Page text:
The masterclass of the fifth Cyber Security Challenge is underway in London.
Held on HMS Belfast, the 42 finalists are facing a challenge against the fictional terror group Flag Day Associates, who have taken control of the warship’s guns and are pointing them at London’s City Hall.
The six teams are operating against each other in a test of both soft and technical skills. Cyber Security Challenge CEO Stephanie Damon called this the “most ambitious challenge ever” and she was delighted to have drawn people from a range of backgrounds and ages, and including people who do not work in cyber.
“We are measuring more than technical skills, this gives us a true scope of the competency of cyber security professionals and to understand the breadth of skills across the sector,” she said.
Mark Hughes, CEO of sponsor BT Security, said that it was important that it addresses the skills gap and to understand the shortage that is there, including technical, management and more at the top line such as penetration testing, and work with those people who are on computer science courses at university so that they can be retrained for a corporate security environment.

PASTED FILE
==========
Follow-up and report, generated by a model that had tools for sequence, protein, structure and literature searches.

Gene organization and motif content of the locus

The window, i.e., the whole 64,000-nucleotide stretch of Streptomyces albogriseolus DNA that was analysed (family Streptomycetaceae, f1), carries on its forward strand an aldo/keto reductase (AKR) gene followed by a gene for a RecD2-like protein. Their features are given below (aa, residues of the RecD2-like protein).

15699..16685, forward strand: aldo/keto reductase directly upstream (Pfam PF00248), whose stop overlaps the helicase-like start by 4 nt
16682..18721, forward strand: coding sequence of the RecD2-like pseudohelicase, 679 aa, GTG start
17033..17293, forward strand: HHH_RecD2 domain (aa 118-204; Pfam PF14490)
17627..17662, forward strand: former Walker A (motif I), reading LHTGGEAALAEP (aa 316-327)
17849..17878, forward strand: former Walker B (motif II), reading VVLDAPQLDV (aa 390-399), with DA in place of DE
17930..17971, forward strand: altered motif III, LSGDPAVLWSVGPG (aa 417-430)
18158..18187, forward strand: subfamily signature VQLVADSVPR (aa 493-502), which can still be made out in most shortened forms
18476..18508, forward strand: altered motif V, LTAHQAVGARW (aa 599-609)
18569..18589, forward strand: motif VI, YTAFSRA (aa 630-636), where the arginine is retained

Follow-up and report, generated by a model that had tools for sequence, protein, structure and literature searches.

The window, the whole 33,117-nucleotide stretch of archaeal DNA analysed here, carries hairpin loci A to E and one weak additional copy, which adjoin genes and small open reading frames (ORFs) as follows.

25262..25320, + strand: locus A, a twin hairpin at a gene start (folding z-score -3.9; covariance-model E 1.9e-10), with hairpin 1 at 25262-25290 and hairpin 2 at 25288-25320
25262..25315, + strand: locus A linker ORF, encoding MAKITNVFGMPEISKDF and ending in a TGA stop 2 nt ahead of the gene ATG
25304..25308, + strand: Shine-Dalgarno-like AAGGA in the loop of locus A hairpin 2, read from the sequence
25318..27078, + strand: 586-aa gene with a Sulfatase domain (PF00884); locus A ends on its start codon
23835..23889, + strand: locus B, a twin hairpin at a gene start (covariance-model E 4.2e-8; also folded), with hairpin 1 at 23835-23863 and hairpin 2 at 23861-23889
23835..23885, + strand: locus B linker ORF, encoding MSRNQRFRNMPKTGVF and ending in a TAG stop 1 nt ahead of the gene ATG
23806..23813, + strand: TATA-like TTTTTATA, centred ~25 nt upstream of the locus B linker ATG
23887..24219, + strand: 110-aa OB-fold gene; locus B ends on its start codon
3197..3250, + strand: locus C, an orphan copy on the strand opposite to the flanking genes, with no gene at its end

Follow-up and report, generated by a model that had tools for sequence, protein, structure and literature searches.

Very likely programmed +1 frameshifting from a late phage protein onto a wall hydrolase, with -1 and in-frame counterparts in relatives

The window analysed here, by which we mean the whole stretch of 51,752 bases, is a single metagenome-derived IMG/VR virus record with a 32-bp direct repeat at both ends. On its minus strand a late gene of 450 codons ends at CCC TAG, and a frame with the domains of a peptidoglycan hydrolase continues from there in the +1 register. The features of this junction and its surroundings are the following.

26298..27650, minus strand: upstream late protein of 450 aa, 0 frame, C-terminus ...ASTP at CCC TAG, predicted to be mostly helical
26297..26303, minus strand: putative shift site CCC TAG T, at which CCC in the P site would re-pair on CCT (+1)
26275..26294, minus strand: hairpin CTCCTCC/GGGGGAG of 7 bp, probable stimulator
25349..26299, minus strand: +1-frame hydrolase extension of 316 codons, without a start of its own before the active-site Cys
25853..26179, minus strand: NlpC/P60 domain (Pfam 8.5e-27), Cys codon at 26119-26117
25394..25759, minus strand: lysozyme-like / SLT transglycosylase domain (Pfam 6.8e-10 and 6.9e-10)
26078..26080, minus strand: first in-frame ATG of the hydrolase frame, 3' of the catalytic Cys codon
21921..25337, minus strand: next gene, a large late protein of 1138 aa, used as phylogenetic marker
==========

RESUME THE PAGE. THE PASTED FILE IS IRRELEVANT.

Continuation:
Speaking to IT Security Guru, consultant Oscar O’Connor was working as an assessor of the “soft skills” at the event, saying it is not just about the challenges of managing a network, but about working as a team too.
He said: “If we want to find the next generation of people, we have to consider those who stand out not only in the technical challenges, but also as a good communicator.
Cyber Security Challenge sponsorship manager Stuart Coulson told IT Security Guru that he thought the event was “awesome”, saying that the candidates were the best as they had passed the virtual, technical and face to face challenges, but it was the evironment that they were in that they needed to be assessed against.
Candidate Andy Snowball from “Team Victorious” told IT Security Guru he enjoyed the range of ages in the team, as he had 14 years of experience whilst others were still at university, and this gave a good mix of knowledge and capability.
Asked what he thought of the masterclass event, Andy, who entered in 2014 and got to the masterclass stage then but was unable to attend, said that he knew a little bit on the scenario but he felt he did not have the technical skill to do cyber. “What we are doing so far is on protecting the network and we got a 2.5GB file and had to find a way to sift through it to get to the next stage,” he said.
“I have worked in IT for 14 years in oil and gas but it is a non-technical role, more about project management, while in cyber there is a lot of opportunity. It is all very different as some are hacking, some are penetration testing and there is a lot to learn.”
The national competition final, known as the Masterclass, has been developed by a consortium of cyber experts which is led by BT and includes GCHQ, the National Crime Agency, Lockheed Martin, Airbus Group, PGI, C3IA and Palo Alto Networks (in partnership with BT).